A robotic, bat-winged jet resembling a miniature B-2 stealth bomber achieved successful first flight on Monday at Edwards Air Force Base in California.
Today we got a glimpse towards the future as the Navy's first-ever tailless, jet-powered unmanned aircraft took to the skies, remarked Capt. Jaime Engdahl, Program Manager for the Unmanned Combat Air System Demonstration, after observing the X-47B maiden flight at EAFB.
A dedicated Navy and Northrop Grumman team operated the X-47B UCAS-D from a ground control station at Edwards. The 29-minute flight was conducted at 5,000 ft. with landing gear down; the vehicle flew a racetrack pattern over the dry lakebed with standard-rate turns.
The X-47B jet, which looks like a smaller version of the B-2 stealth bomber, stayed in the air for 29 minutes and climbed to 5,000 feet in a test flight on Friday at Edwards Air Force Base and was operated by a dedicated Navy and Northrop Grumman team from a ground control station, the US Navy said in a statement.
The X-47B's initial flight marks the start of a year-long, approximately 50-flight, envelope expansion test program at Edwards. The first of two aircraft will complete its initial testing in late 2011 and the second aircraft will begin testing shortly thereafter. After completion of initial airworthiness testing in California, each aircraft will be transported to Patuxent River Naval Air Station, Md. for the remainder of the carrier demonstration program.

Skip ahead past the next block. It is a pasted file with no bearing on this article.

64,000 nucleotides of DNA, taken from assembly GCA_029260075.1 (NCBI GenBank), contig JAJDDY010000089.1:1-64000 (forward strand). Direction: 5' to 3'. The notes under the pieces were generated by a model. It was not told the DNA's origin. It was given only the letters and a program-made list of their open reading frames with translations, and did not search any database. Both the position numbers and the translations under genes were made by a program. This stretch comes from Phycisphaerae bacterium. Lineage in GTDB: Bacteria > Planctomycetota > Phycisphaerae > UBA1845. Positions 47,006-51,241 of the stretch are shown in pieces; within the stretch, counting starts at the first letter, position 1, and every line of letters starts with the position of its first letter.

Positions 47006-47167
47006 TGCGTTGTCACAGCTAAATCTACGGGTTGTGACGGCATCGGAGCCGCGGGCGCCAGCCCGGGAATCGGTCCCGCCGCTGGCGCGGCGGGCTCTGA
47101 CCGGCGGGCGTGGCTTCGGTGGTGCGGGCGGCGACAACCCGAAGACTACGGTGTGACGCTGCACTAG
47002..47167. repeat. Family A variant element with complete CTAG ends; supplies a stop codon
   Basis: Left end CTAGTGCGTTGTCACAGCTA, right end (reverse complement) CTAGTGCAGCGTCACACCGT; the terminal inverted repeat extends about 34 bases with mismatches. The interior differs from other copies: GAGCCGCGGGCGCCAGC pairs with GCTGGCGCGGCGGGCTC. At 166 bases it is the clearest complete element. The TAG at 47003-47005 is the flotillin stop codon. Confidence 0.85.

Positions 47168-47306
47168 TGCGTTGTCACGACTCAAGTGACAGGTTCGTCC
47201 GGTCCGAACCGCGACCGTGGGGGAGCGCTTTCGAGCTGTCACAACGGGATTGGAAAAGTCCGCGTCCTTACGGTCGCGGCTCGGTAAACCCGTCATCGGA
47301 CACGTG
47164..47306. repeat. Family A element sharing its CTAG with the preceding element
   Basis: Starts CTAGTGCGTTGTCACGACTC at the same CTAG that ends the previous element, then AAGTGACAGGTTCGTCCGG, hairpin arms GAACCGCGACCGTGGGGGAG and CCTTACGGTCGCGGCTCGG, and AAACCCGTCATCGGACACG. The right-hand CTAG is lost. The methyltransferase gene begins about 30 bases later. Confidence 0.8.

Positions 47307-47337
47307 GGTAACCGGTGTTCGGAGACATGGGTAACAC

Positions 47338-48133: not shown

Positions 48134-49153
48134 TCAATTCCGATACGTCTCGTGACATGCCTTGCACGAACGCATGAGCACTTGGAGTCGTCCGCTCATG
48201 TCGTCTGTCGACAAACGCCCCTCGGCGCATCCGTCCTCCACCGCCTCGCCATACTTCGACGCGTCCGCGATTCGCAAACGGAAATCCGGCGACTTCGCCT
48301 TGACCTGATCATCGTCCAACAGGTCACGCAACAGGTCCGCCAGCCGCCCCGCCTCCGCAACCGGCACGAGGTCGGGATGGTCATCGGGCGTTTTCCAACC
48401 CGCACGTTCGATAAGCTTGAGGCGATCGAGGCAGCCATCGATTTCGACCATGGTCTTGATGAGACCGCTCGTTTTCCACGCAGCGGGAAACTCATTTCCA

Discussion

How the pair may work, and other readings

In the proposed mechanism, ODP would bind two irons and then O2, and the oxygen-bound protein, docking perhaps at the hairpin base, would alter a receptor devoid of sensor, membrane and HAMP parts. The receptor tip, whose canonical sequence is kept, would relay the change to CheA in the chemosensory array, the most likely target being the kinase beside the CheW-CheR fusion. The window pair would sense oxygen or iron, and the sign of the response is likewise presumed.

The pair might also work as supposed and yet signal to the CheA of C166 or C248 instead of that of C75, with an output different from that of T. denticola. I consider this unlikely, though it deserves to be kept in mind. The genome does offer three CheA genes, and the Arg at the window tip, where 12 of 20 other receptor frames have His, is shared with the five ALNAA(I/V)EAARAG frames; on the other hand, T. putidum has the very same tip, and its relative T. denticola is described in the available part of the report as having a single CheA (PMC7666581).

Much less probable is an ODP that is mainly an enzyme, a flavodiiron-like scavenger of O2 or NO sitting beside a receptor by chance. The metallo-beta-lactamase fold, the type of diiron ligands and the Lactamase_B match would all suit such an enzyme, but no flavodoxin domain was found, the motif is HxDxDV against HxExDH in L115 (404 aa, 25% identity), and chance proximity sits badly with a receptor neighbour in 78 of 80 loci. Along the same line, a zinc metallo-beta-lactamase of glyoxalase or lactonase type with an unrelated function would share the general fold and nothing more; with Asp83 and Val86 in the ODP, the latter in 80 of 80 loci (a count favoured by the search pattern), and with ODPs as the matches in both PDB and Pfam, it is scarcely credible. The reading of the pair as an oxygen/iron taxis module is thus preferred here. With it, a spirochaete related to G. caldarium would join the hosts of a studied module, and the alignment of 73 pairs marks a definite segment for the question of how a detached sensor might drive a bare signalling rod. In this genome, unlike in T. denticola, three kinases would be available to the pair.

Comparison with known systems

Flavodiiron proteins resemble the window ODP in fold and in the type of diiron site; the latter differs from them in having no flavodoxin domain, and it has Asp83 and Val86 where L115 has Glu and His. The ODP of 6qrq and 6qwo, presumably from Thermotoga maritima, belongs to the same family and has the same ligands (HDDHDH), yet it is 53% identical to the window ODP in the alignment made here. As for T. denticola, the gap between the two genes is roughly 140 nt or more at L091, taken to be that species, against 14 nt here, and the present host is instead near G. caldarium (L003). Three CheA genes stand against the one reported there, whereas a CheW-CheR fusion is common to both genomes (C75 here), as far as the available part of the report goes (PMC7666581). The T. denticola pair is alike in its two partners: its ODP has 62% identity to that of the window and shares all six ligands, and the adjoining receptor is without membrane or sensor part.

We are breaking new ground by developing the first unmanned jet aircraft to take off and land aboard a flight deck, said Rear Adm. Bill Shannon, Program Executive Officer for Unmanned Aviation and Strike Weapons. This demonstration program is intended to reduce risk for potential future unmanned systems operating in and around aircraft carriers.